Antibody Structure, Function, and Categorizations
This antigen is usually a high molecular weight polypeptide or polysaccharide. But other molecules, such as lipids or nucleic acids, can also function as an antigen. Smaller molecules (termed haptens) can also serve as antigens if they are coupled to a larger carrier protein such as BSA or KLH.
The basic structural unit of an antibody molecule is compromised of 4 polypeptides:
- 2 identical light chains (L)
- 2 identical heavy chains (H).
The light chains fall into either the "kappa" (κ) or "lambda" (λ) class. The heavy chains are classified as "alpha" (α), "gamma" (γ), "delta" (δ), "epsilon" (ε), and "mu" (μ), corresponding to the IgA, IgG, IgD, IgE, and IgM classes of antibodies, respectively.
Each class of antibodies possesses distinctive biological properties and is expressed at different places and times. In addition, several of the classes can be further divided into subclasses, as seen below.
The basic structure, however, remains the same: 4 antibody chains are held together by a combination of non-covalent interactions and covalent bonds (disulfide linkages) in such a way that they form a Y-shaped molecule. The 2 antigen binding sites are at the a-terminus of the light and heavy chains at the ends of the "arms" of the "Y". Mild digestion of the IgG antibody with the proteolytic enzyme papain will cleave molecule into the 2 antigen binding regions (termed F(ab)) and the base of the "Y" (termed Fc). It is the Fc region of the antibody that is recognized by specific macrophage receptors during the immune response.
Polyclonal Versus Monoclonal
In the laboratory, antibodies are often classified as polyclonal or monoclonal. Polyclonal antibodies are a heterogeneous population of antibodies that recognize multiple regions (termed epitopes) of the same antigen. These antibodies often give a more robust response but are more likely to cross-react with similar proteins.
Monoclonal refers to the fact that the antibodies are produced from a single clone and recognize the exact same epitope of the antigen. These molecules are usually very specific, but are more sensitive to loss of an epitope through modification of the antigen.
The ability of antibodies to recognize specific proteins is useful in many different laboratory procedures such as immunoblotting (Western Blots), FACS, immunohistochemistry (IHC), and ELISAs. Generally, these procedures use 2 different antibodies: the primary, which recognizes the protein in question, and the secondary antibody, which is specific for antibodies from the organism that generated the primary antibody. The secondary antibody is usually linked to either a chemical or enzyme to amplify the resulting signal.
An antigen is defined as a substance that causes an immune response when introduced into an organism. It is also capable of binding with the specific antibodies. This binding is mediated by the sum of many weak interactions between the antigen and antibody. These weak interactions include hydrogen bonds, van der Waals forces, and ionic and/or hydrophobic interactions.
Interactions can only take place if the antigen and antibody molecules are close enough for some of the individual atoms to fit into complementary recesses. The complementary regions of an antibody are its 2 antigen binding sites (thus the antibody is said to be bivalent). The corresponding region(s) of the antigen is referred to as an antigenic determinant. Most antigens have multiple determinants; if 2 or more are identical, the antigen is said to be multivalent.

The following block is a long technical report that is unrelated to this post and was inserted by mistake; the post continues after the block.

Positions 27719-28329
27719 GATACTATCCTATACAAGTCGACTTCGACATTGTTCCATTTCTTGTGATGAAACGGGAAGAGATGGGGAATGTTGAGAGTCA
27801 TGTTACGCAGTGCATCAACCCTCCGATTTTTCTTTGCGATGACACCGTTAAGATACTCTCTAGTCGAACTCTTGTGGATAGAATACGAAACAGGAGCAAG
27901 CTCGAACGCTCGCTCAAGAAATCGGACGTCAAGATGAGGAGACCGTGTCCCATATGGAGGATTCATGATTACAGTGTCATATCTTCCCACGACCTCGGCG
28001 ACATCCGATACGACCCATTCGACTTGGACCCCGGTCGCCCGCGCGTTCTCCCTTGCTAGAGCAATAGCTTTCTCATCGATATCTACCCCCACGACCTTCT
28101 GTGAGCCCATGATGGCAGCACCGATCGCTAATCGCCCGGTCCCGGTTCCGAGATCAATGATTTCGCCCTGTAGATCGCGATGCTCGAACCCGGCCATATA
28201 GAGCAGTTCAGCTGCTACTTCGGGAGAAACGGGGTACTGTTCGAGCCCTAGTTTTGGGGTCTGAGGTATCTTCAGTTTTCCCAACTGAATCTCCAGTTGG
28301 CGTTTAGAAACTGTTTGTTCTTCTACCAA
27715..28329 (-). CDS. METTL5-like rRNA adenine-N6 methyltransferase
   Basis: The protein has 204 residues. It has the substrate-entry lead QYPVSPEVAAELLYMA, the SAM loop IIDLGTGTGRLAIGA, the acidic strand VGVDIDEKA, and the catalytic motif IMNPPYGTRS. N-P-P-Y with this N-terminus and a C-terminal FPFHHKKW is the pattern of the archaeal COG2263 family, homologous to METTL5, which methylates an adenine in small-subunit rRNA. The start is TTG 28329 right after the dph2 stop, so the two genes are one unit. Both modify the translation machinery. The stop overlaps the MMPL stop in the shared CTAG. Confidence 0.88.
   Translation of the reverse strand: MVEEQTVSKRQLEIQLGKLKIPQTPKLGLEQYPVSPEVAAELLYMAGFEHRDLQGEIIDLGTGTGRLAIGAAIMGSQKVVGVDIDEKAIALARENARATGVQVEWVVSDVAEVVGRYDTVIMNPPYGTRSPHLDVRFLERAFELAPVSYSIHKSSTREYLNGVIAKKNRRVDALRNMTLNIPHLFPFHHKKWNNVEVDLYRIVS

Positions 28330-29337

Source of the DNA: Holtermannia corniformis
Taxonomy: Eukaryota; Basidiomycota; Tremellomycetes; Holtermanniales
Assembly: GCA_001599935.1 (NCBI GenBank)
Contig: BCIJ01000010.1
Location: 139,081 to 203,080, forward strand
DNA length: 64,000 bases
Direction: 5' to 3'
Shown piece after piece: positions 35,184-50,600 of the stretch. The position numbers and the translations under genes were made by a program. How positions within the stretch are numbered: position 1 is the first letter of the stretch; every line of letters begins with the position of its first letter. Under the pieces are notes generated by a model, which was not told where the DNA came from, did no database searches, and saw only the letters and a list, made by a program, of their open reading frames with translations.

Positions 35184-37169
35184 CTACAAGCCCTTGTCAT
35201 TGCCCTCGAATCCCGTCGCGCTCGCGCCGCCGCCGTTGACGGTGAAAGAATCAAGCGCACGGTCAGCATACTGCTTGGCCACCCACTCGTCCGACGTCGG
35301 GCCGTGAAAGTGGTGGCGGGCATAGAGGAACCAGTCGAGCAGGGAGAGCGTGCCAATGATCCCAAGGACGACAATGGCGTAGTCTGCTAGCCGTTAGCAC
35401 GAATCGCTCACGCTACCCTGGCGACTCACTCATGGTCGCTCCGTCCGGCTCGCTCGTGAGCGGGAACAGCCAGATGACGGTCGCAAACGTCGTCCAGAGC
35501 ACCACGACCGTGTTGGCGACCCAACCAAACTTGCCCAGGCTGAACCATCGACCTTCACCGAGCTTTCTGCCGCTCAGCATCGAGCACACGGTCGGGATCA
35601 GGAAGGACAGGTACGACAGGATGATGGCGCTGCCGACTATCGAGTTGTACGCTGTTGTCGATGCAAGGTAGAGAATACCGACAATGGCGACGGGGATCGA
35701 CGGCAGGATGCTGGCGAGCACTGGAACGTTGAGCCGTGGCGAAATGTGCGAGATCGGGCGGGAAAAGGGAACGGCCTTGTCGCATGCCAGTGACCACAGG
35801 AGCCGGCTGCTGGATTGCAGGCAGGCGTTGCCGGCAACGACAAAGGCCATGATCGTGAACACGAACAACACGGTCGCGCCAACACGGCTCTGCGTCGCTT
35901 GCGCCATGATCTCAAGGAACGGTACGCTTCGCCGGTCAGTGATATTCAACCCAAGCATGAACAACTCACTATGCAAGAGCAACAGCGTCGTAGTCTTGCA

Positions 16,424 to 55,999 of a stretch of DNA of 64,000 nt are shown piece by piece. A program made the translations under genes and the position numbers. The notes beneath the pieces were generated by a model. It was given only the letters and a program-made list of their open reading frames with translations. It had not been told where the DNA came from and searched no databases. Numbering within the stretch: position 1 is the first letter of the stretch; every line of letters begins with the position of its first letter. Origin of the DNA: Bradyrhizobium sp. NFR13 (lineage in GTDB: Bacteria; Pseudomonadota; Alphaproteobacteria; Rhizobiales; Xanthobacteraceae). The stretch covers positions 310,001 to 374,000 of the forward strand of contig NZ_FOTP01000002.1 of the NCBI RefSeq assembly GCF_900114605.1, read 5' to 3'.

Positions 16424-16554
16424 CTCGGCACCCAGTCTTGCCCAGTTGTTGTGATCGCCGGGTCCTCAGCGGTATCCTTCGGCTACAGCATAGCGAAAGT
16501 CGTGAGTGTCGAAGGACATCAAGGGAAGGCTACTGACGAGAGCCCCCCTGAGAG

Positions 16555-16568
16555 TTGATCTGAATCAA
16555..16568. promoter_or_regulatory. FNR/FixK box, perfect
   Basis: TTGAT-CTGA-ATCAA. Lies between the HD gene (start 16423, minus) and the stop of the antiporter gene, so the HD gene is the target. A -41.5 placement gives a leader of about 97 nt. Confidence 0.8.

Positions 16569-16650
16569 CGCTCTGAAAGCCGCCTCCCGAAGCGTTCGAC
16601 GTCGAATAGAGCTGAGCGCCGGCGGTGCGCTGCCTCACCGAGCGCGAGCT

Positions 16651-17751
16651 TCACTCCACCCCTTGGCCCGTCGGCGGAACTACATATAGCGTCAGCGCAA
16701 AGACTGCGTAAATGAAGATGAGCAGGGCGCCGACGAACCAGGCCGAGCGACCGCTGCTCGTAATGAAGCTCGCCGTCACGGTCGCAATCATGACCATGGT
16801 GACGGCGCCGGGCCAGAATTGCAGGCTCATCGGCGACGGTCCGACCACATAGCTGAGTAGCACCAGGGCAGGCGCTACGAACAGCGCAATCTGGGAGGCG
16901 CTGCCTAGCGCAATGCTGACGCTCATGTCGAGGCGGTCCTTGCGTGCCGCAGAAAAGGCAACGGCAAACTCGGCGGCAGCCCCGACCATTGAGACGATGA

As the binding of an antibody (ab) to its antigen (ag) is reversible, the binding reaction can be expressed as:
ab + ag ↔ ab:ag
strength of the interaction is expressed as the affinity constant Ka, where:
Ka = [ab:ag]/[ab][ag]
In this equation, [ab:ag] is the molar concentration of the antibody-antigen complex. [ab] and [ag] are the molar concentrations of the antibody and antigen, respectively. Affinity constants can vary widely between different antibodies and antigens, and are affected by pH, temperature, and solvent. The affinity of an antibody reflects how well the antigenic determinant fits in the antigen binding site of antibody. It is also independent of the number of binding sites.
Another way to measure the antibody-antigen interaction is the avidity of the binding. This reflects the overall stability of the antibody-antigen complex. Avidity is defined as the total binding strength of all of its binding sites together. Thus, it is influenced by the affinity of the antibody for its antigen and the valencies of both the antibody and the antigen. A typical IgG molecule will bind up to 10,000 times more strongly to a multivalent antigen if both antigen-binding sites are engaged than if only one site binds the antigen.
The multivalent nature of most antibodies and antigens often causes secondary reactions such as precipitation, cell clumping, and complement fixation in an organism. In the laboratory, we can make use of these sorts of reactions in techniques such as western blotting, ELISAs, and immunoprecipitation.
A more detailed description of how antibodies interact with certain antigens can be found in: Davies DR and Cohen GH. (2004). Interactions of protein antigens with antibodies. Proc. Natl. Acad. Sci. USA 93:7-12.